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What Happens To a Director if their Company Gets a CCJ?
5 May 2017
Category FAQs

What is a County Court Judgment (CCJ)?

If creditors (i.e. people/companies you owe money to) have been unsuccessful in recovering debt from a business owner, either because the owner is unable or unwilling to pay, they may take the decision to apply for a County Court Judgement (CCJ).

A CCJ is usually the last step creditors take when attempting to recoup debts that they are owed, so you won’t find yourself suddenly faced with a CCJ out of the blue. Before a CCJ can be applied for, your creditors must send you a warning letter. This should detail what they are owed and what you need to pay them, otherwise they will begin legal action.

If you fail to reach an agreement with your creditors, then they can apply for a CCJ.

Will a director be personally affected?

When a company does get a CCJ, it will affect the company’s credit rating. Unless you as the director have used some sort of personal guarantee connected to the business, your credit file should remain unaffected.

However, if you conduct your personal banking with the same bank as you do your company banking, a CCJ against your business may affect your personal borrowing capacity. This could include mortgages, overdrafts or credit cards.

Additionally, your bank may view your income as unreliable which could cause problems for you personally.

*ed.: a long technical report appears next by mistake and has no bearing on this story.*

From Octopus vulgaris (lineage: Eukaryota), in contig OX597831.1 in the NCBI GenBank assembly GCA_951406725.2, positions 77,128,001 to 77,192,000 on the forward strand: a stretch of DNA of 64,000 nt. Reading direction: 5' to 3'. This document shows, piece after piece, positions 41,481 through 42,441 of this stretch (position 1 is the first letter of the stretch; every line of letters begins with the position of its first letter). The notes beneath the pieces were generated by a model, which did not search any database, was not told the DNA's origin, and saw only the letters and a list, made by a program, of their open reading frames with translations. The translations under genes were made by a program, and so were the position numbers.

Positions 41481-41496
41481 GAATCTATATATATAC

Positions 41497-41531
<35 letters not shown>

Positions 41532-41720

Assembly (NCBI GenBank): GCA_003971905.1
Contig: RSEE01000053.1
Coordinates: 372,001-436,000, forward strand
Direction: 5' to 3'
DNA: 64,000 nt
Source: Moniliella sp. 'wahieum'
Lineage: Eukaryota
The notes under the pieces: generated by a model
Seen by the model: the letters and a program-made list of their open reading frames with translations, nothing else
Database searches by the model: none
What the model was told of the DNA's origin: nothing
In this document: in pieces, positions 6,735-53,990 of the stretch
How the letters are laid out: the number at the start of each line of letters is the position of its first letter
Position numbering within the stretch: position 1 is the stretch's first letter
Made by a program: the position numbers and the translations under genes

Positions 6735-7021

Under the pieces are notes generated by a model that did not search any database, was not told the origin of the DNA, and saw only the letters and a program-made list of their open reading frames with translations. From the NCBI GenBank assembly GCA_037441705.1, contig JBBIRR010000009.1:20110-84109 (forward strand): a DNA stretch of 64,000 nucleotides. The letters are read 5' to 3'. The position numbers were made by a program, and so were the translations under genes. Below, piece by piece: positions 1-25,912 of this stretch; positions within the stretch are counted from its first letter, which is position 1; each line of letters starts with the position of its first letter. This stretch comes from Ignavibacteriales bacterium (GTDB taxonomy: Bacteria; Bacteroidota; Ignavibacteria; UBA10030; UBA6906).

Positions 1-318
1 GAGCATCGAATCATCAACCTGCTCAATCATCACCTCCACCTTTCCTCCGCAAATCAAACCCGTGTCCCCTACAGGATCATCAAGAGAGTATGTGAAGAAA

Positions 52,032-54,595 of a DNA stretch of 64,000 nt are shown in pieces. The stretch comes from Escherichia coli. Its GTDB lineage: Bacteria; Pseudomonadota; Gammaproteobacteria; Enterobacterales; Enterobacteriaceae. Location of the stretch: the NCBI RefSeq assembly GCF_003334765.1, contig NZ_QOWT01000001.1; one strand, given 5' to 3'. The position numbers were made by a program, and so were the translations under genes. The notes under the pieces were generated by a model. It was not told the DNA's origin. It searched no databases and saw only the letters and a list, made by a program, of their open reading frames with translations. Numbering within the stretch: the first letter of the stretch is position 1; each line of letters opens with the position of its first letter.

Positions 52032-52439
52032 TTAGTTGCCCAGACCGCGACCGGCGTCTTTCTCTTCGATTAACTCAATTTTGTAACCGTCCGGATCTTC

The responsibilities of a director during a CCJ

Initially, you will receive a County Court Summons. You must respond to this within 14 days, but you can apply for a further 14 day extension.

If you do not respond to the summons or your negotiations with your creditors are unsuccessful, the CCJ will be issued against your company. The court must agree that the debt is valid to do this.

Once the CCJ has been issued you have 30 days to pay the debt in full. If you do not, the CCJ will be officially registered by the court, and the relevant credit agencies will be informed.

By not paying the debt during this 30-day period, you validate the creditor’s claim against you and prove that your company is in an insolvent position (i.e. not able to pay its bills when they are due). This is a terrible position to be in as a business owner – because you could be issued with a winding up petition and eventually compulsory liquidation.

Seeking professional help

If you are faced with the prospect of a CCJ, it can be a pretty daunting for you. It is essential that you act quickly.

You should speak to your Accountant and / or seek professional from of a Licenced Insolvency Practitioner such as Clarke Bell – as we have a wealth of experience in helping directors to deal with an insolvent company. There are a range of options that might be suitable, including:

We will give you free advice on which option is going to be the best one for you – taking into account the legal obligations you have to the creditors of your company.

Clarke Bell provides helpful advice for company directors, as well as explaining the legal rights that your creditors have at this time.

We may even be able to help with negotiations with your creditors before the CCJ is finalised. It all depends on your specific circumstances.

If you’re having trouble with your creditors, give us a call today 0161 907 4044.

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If you are worried about your business or just want a (free) no obligation chat, contact Clarke Bell on 0161 907 4044 or [email protected] today. Our Licensed Insolvency Practitioners will provide you with the best professional advice for your situation.

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